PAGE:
We also knew that an hour of two people stood in a white room wasn't going to be completely sustained entirely by audience suggestions, so we planned a few other surprises like balloons, paints, swingball etc. During the show, we gave the Facebook and Twitter audience advance notice (5 mins or so) that these props were going to be brought out, to give them time to offer suggestions for instructions.

How did it go?

Well... you really had to be watching it to completely get the surreality of it all. Several people described it to me as like "being inside somebody else's weird dream". We served a good number of video streams - not our highest ever, but good for the time of day. Here's the highlights video and the photo gallery.

The main thing we learnt about this project is about volume! We received more than 7000 suggestions during that hour - that's two every second. Inevitably that led to some disappointed people. Some people even suggested it wasn't live and we'd made it all up - I can assure you it very much was live, which a read-out of my heartrate would have attested. In particular, a popular movement toward the end for Katy to put a shoe on her head wasn't picked up by the process, and was used by the doubters to 'prove' that it wasn't live. I wish that one had got through to us in the studio, but it didn't.

There are undoubtedly better ways to flow that data, perhaps using some automation/aggregation technology, a central control panel, etc. But given we had 48hrs to develop the whole proposition, I'll forgive us not getting this perfect the first time.

Where next?

I'd love to do it again. In a way, I think it's a shame that we started with one of the biggest stars in the world (though, that's clearly at the core of the audience appeal) - I like the idea of a series of U Ctrl, building up through the chart until we have people controlling Lady Gaga, Justin Bieber, Beyoncé, R-Patz. Whether anyone else is as open to doing it as Katy though, remains to be seen.


Higgypop said...

Interesting, I recently ran a similar event with McFly - it worked really well but without having any established video streaming technology I opted for Justin.TV which worked fine and also logs the chat. We basically sat them down in front of a webcam with some branding behind them. I also set up a couple of HDD cameras which I used to edit together a highlights video. I agree, the most difficult problem is aggregating, sorting and publishing listener's comments. I looked at CoverIt Live but it didn't really work for me, Justin.TV's own chat is good but difficult to moderate and when the chat is busy it's too fast moving. A custom built webchat tool would be the best option. (Sorry long comment but is of interest as I also would like to do more chats.)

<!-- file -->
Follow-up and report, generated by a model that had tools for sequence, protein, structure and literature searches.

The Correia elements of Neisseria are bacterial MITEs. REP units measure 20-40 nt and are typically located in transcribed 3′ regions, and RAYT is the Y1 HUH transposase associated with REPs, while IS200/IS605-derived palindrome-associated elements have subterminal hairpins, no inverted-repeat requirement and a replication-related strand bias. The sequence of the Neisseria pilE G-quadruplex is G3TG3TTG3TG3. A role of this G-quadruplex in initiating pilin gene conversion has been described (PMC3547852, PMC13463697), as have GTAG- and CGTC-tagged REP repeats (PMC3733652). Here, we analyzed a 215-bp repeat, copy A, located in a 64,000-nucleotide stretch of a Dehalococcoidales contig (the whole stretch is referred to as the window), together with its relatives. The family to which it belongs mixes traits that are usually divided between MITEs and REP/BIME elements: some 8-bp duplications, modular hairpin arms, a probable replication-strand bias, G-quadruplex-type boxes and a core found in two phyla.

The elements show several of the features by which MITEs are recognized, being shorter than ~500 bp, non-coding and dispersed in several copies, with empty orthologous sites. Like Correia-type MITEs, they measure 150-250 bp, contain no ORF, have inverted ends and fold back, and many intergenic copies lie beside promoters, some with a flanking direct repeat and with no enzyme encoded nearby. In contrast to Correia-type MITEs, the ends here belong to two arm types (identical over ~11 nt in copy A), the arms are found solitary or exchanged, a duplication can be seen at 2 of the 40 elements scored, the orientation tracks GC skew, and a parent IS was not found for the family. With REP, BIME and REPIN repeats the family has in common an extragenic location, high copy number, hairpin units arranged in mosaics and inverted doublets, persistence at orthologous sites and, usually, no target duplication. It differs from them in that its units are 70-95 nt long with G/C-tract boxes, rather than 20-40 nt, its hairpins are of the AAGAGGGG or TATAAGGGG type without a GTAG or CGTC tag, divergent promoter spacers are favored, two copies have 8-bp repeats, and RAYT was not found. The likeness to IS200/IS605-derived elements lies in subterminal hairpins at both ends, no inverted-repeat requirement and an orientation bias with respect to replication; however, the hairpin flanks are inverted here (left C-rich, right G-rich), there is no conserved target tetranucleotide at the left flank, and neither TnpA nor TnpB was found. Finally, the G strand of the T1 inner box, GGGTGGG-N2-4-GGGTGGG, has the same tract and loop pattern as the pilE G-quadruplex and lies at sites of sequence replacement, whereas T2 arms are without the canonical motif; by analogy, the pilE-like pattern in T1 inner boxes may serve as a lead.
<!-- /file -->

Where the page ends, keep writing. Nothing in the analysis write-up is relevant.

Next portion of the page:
Martyjw said...

Interesting ideas and its great to read up how it was all put together quickly. Helping with a couple of webshows when the dawn of webcam streaming websites arrived i feel the main problem is transmitting the same feelings in the studio to the audience. Quite tricky when you haven't got a large crew, but then again that's what a webcam/webcast isn't for. Il be honest over time watching i got bored. Watching I felt the problem is where it felt like It changed from a webcam/webcast to a low budget live Tv production, separate from radio. The only link i felt with radio1 was Scott and the stream being on the radio1 website, it didn't have a radio1 feel. If there to do with radio1 they should be at radio1, it gives the 'webcam' feel. Anyway i agree your choice of not using Cover It Live for submissions, Ctrl Katy would be even harder to Ctrl ;) Don't know if this is possible but have someone be ctrld just inside/outside the radio1 building who has a mobile camera attached/with them? DJ's/Callers give tasks for them to do, keeping volume of people limited? Sort of like one celebrity did on the BeckyCam week although i can't remember who it was but they had to find something. i understand however the risk assessment in putting something like that together and all other details needed. But still a great experiment Sam! Can't wait for the next stream whatever it is.

p.s Scott Cam is still by my favorite stream R1 have outputted online :P

John Barness said...

Thanks for sharing.
It seems to be a very interesting idea to put a star into the room to be publicly controlled. For me, It is similar to the situation when the group of people works on the same project like it was described in virtual data room review.

Unknown said...